Today was our Parish Reconciliation Service. I had tried to go to reconciliation on Friday at Christ the King, but they only have confession for 25 minutes prior to Mass, and there was a long line of people. It got to where I was the very next person to get into the confessional and I was started to really think that I’d get in. Alas, the woman in front of me took a long time and I wasn’t able to go. It’s so disappointing when that happens.
I try very hard to control my emotions, although they want to do things like make a sign right next to the one that says “Confessions will stop 5 minutes prior to Mass” which says, “This means you should confess your sins in number and kind and not try to justify them, for the sake of the people behind you in line who also need to be forgiven of their sins.” It doesn’t take that long to say, “I kicked a puppy three times, smacked my kid brother, was late for Mass every Sunday for the past 3 months and stole a pen from work.” 10 seconds. DONE.
So, I try to give them the benefit of the doubt. Perhaps they haven’t been to Confession in a long time or are extremely shy? Maybe they do have a lot things to confess? Suppose something upsetting happened to them and they need extra counseling from the priest? With all that, you can’t be upset at the other people who were in line.
All of this comes and goes in a second. A moment’s irritation and then I am back to myself again. 🙂 But, it does leave me with the question of where I am going to get to go to Reconciliation. I was too sick on Saturday to do much of anything, and I know that Palm Sunday weekend is rather hit-or-miss for being able to catch confession. So, when I saw that we had the Parish Reconciliation Service, I knew that I had to go then.
I was the second person to see my priest. I was in and out quick (you’re welcome!) and my penance was to say a prayer, either from the liturgy aid or from somewhere else. I gathered my things and went from the church to the chapel, where — delightfully — the Eucharist was out for Adoration. I had looked in the bookshelf before entering the chapel for a book of prayers, but didn’t see any. I was going to grab a Bible and pray one of the psalms, but the Bible I was looking for wasn’t on the shelf. I thought that someone might have left it in the chapel and went in. Alas, no Bible in the pews. I sat down and looked through the things in my bag, looking for a prayer. (Doesn’t one usually search for the *answer* to a prayer?)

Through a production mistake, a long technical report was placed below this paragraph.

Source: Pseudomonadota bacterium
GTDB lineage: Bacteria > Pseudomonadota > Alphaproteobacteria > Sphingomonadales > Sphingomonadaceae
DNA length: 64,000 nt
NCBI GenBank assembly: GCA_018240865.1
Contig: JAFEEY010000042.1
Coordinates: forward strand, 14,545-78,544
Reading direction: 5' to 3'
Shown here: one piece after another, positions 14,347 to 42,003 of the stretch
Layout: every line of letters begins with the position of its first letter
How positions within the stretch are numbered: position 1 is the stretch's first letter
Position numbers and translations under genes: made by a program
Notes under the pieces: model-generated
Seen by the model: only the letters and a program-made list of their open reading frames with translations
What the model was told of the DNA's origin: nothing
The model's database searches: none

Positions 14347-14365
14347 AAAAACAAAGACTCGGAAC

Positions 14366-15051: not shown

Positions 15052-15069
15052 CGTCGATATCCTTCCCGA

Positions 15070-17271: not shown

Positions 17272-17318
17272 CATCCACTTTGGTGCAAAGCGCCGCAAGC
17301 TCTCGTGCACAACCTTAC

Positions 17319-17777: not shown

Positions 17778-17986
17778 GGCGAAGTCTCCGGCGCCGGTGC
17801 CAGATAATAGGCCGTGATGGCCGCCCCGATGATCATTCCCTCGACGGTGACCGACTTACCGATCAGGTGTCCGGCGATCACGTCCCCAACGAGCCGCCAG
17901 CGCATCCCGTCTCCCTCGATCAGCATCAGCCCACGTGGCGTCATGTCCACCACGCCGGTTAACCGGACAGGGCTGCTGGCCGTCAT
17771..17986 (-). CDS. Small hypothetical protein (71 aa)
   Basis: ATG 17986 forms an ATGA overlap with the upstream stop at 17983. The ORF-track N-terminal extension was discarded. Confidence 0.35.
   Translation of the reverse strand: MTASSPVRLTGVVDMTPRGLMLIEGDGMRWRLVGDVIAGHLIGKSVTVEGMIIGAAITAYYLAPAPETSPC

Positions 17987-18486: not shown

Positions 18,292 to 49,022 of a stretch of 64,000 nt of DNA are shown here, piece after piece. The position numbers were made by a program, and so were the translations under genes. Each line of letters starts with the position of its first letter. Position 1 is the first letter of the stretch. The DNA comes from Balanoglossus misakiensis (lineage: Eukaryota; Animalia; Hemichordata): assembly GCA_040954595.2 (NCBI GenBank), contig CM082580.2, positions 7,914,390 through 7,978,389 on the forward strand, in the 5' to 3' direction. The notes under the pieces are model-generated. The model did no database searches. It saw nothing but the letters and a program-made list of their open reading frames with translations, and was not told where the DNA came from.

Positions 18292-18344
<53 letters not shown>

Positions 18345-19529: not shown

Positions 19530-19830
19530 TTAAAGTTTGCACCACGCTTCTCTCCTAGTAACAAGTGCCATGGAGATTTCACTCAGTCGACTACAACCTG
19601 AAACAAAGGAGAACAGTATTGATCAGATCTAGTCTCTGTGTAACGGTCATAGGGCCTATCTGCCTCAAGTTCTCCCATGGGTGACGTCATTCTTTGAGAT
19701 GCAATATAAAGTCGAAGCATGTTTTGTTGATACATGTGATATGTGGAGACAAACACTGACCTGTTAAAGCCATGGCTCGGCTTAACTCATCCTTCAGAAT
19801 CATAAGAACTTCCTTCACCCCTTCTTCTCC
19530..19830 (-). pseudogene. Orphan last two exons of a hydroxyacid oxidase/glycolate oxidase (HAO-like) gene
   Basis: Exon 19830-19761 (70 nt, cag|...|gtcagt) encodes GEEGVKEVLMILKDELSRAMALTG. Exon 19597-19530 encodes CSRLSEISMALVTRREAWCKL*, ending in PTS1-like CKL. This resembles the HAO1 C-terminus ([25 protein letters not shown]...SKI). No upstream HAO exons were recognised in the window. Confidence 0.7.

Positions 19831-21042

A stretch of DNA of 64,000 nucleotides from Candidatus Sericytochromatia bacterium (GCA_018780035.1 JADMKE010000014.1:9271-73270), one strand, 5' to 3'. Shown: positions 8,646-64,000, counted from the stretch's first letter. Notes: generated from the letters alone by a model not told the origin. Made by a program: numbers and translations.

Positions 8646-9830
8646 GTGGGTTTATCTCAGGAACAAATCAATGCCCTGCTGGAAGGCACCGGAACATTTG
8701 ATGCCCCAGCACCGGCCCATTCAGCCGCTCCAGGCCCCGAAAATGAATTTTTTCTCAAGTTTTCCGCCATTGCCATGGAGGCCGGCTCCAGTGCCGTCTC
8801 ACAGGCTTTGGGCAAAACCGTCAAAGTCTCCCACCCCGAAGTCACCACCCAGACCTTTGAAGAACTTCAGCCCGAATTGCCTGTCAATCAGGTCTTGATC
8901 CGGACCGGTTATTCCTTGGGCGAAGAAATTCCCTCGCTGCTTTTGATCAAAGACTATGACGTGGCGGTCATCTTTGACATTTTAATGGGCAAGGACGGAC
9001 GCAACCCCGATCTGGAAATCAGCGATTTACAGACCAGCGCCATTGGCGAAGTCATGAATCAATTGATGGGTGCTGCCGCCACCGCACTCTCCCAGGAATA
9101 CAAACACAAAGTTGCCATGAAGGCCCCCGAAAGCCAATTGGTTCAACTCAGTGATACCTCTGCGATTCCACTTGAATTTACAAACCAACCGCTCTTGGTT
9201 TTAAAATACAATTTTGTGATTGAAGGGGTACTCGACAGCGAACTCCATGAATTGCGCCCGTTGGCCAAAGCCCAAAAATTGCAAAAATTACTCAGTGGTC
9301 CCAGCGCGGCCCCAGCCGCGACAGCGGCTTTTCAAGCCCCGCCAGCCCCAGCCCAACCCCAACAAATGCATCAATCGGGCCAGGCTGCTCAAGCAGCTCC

I came across my “Bringing Lent Home with Mother Teresa” book and opened to today, Monday of the 5th week of Lent. In the prayer section was, “Dear Lord, help us to find joy in each day no matter what is happening.” This reminded me of this weekend, which was arguably one of the roughest weekends, healthwise, that I have had in a long time.
Saturday started with me waking up screaming in pain from some major muscle cramping. Screaming. It was that bad. After that, I had some muscles in my upper back begin cramping up. They haven’t really subsided, even now. Ouchie. On top of that, I had a headache, dizziness, nausea, and a lot of chest pain. I slept most of the day, only waking up when a friend rang my doorbell for us to go see the play, “Joseph and the Amazing Technicolor Dreamcoat,” at the seminary (which was *awesome*).
Sunday, I felt just as bad, except my back and shoulder had hurt so much, I hadn’t slept very well. But, it was a gorgeous and warm day, and I didn’t want to miss out on it, so I got ready for the day, packed up a bag with some books and headed out. I stopped at a friend’s house to see if she wanted to accompany me, but she had to work. I dropped her off and made my way to Cranbrook, where I had a lovely time reading among the various flowering trees. I picked her up from work a couple hours later and we spent some time at Manresa. I still felt pretty bad, but thoroughly enjoyed the beautiful, peaceful day that God had granted me. I was able to see, however, just how poorly I was doing, because even a slow meandering around outside was too much for me.
But, I persevered on. Went to Mass and the RCIA meeting where we had some pizza for dinner. Finally, I collapsed into bed, thankful for the wonderful day and the great people He placed in my life.
I think that joy is both a grace and a choice. God gives me joy, but I also choose to be happy. I choose to focus on the beauty and gifts and grace which I have been given. I choose to not get discouraged over my physical problems. I choose to live as best I can every day, even when the pain is great and the temptation to sleep away my days is lulling me to stay in the house. I choose to offer up my pain in the hope and expectation that God will be able to help someone else because of my cooperation. I choose to accept the joy he offers.
And every day, I get the chance to choose joy again.